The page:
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Ka-in (Yun Jin-seo) is a relatively carefree young woman until the day she witnesses her aunt’s fiancé thrown from a balcony on their wedding day. Later she gets to see her other aunt stab the new widow to death in her hospital bed, and Ka-in realizes something more serious might be going on. Soon she finds herself next in line for a murderous curse, and everyone around her seems possessed and poised to kill her. To stop the curse Ka-in must look into her family’s past in hopes of uncovering some dark secret.

Horrorfest '08: Voices
Modern Korean horror films have a lot in common with modern Japanese horror, but in my experience there are still some elements that remain specific to the area. Voices (aka Someone Behind You, apparently based on a comic book) fulfils most of these somewhat vague requirements. The violence is brutal in a less stylized or ‘cartoony’ fashion than that found in most Japanese horror. The film’s overall look is cleaner, more stylized, and more baroque than the often grittier post- Ringu Japanese output. Also, the plot is unnecessarily convoluted, taking audience assumptions for granted, and incorporating unneeded flashbacks at inopportune times.

Horrorfest '08: Voices
Voices fits somewhere between the school girl dramatics of Whispering Corridors and Memento Mori, and the more Americanized neo-slashers like Bloody Reunion. Like so many horror films we are forced to go through a whole lot of belief suspension (in this case some of it is actually just cultural difference), but mostly the mystery is sustained, and the characters survive thanks to solid performances—to a point. After a while the possession angle becomes a teeny bit comedic, as does Ka-in’s ability to roll with the punches. As often seems to be the case the story doesn’t quite sustain a feature length movie, and unfortunately becomes a bit overlong at the half way point.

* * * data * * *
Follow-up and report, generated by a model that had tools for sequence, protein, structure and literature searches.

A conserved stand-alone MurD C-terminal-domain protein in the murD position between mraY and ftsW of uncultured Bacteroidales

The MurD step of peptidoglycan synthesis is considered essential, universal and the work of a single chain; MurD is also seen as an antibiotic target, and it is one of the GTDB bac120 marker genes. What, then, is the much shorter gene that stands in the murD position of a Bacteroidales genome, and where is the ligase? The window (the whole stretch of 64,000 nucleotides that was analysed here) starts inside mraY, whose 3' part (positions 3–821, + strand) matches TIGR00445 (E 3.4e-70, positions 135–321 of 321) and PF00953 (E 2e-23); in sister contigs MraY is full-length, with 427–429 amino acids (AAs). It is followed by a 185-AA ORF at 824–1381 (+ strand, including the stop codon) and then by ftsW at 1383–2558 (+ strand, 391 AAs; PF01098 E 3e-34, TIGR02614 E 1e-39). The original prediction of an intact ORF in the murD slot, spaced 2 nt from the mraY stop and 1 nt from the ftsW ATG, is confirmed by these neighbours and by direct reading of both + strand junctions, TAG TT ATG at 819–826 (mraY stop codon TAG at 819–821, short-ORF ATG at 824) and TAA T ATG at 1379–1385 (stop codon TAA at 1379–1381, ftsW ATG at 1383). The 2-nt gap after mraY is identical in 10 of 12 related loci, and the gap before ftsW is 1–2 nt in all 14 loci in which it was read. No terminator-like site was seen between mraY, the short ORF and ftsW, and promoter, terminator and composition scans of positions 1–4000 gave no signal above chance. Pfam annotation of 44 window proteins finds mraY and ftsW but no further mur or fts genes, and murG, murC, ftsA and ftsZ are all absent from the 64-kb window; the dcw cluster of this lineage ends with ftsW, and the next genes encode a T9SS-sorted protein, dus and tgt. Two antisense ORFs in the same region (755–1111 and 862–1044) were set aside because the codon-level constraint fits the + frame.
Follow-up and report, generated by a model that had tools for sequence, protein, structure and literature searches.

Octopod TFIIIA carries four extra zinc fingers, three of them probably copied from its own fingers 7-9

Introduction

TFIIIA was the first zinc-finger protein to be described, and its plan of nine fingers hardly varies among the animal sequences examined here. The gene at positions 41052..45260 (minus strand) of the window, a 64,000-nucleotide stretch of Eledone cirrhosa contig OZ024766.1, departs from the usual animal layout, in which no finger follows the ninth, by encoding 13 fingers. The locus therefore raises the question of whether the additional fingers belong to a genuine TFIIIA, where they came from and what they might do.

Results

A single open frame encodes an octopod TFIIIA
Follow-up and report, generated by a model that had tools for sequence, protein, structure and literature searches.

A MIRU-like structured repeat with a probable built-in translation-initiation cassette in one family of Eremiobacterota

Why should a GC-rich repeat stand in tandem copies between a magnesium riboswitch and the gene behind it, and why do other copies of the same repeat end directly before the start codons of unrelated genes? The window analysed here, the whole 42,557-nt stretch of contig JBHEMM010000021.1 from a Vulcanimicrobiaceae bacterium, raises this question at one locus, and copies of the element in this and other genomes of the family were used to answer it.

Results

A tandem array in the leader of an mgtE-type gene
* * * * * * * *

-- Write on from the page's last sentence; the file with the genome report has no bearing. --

Horrorfest '08: Voices


You can probably just read this following statement and apply it to all the films in the Horrorfest III collection. In keeping with Lionsgate’s lower end releases Voices isn’t in bad shape, but does feature its share of video ailments. The worst here are some odd scans lines that appear mostly during dolly shots, and an occasional distortion in the middle of the frame. The overall detail levels are decent, and don’t lead to too much edge enhancement. Flashbacks are filmed with stronger lighting and an overall yellowed tint compared to the rest of the film, which is more cooled, and high contrast. The colours are relatively solid, and even the bright reds are surprisingly light on noise.


Voices features a relatively lively Dolby Digital 5.1 surround mix, with clean and clear centre dialogue track, and some spooky rear channel effects. There’s an inadvertently funny screen left battle and a really convincing rear channel door creak that actually made me look behind me. The film’s score is effective enough, if not a little melodramatic, but sounds a little synthetic on the track. Either it wasn’t produced with real strings, or something went wrong in the mixing process.

Horrorfest '08: Voices


This disc features only the Miss Horrorfest Webisodes and trailers.


In the end Voices features some memorable moments, some strong performances, and some genuine suspense, but the various elements of the story don’t add up or make any sense. Overall this is a disappointing showing, but perhaps worth seeing for stylistic reasons. The disc features nothing in the way of extras, but does have one of the better transfers of the collection.